CFSAC meeting Oct 3-4, 2012

Andrew

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The Fall CFSAC meeting will be held on October 3-4, 2012 at the Hubert Humphrey Building, Room 800, 200 Independence Ave., Washington, D.C.

Registration and requests for public comment will be handled online, similar to the June 2012 meeting registration process. We will not take requests for registration, public comment, or written testimony via the CFSAC mailbox.
Follow this link: http://www.hhs.gov/advcomcfs/index.html. Look at the right side of the page near the top to see links for registering and testimony. Because this is a public page that changes over time, I hope they leave this on the front page until the meeting is over. I assume they will.
 

Ember

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After the June CFSAC meeting, Sasha posted, “I wonder if patients/supporters giving testimony could coordinate so that there's a unified message....” Those giving testimony in October might want to read “Jerrold Spinhirne's Public Comment for the October 2012 CFSAC Meeting.”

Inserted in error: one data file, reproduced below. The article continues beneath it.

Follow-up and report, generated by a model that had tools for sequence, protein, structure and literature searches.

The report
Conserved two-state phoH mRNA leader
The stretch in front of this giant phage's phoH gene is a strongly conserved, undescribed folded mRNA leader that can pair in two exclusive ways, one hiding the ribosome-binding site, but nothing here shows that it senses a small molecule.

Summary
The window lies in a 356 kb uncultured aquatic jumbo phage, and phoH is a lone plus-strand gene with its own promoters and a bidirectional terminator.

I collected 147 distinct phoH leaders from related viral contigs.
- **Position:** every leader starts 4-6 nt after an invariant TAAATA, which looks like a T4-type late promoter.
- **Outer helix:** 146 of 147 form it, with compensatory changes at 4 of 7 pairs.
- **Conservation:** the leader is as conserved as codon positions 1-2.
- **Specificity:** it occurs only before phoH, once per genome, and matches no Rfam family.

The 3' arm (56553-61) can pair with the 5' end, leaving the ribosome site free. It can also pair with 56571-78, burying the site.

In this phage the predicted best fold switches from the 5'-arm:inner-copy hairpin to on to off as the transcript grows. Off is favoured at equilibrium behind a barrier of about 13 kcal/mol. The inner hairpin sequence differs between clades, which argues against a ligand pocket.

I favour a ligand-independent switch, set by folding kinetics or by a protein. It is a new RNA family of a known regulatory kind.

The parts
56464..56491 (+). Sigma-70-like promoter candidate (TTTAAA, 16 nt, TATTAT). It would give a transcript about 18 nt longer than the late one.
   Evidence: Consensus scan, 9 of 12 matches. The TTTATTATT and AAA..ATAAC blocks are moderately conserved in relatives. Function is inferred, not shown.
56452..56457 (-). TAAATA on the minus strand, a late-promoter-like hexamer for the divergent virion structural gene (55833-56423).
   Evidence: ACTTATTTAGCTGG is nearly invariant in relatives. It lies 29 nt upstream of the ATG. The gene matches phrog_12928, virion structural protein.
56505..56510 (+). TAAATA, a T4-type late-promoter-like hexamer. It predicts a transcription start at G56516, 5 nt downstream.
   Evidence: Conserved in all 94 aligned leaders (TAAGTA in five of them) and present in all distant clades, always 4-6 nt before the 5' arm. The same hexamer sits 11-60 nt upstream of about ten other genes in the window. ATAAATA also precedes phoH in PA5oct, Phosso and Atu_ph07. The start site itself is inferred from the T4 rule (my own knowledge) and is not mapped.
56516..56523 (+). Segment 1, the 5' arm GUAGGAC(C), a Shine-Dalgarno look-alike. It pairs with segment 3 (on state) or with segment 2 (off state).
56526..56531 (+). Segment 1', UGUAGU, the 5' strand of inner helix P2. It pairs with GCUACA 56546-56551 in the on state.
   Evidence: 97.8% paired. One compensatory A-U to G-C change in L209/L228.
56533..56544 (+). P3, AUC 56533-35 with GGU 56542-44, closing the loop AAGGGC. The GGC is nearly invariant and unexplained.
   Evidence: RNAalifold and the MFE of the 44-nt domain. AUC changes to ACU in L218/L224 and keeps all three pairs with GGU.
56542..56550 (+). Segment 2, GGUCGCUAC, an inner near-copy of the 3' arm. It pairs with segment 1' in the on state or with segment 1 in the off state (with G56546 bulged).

Nielk

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I was hoping to speak this time, but I'm feeling so cynical that anything I try to write is unacceptable by my standards. Maybe next time.

Best wishes for those of you to testify.
I understand how you feel Andrew. I spoke a year ago and just don't even know what to add to that. It took so much out of me.
 

Ember

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The FDA will be providing an overview of the drug approval process at this CFSAC meeting. According to Jennie Spotila's summary, two issues need to be addressed, populations and endpoint measurements:
Two issues emerged during the discussion through the comments made by patients on the call. First was the issue of case definition. While FDA insisted that it does not take a position on definition or name, many patients pointed out that case definition shapes research results. It’s been well established that some criteria sweep in people with idiopathic chronic fatigue or depression. In order to evaluate if a drug helps people with ME/CFS, then the case population must be carefully defined. FDA seems to recognize this as an issue, but there was no clarity on what requirements they might make in study design.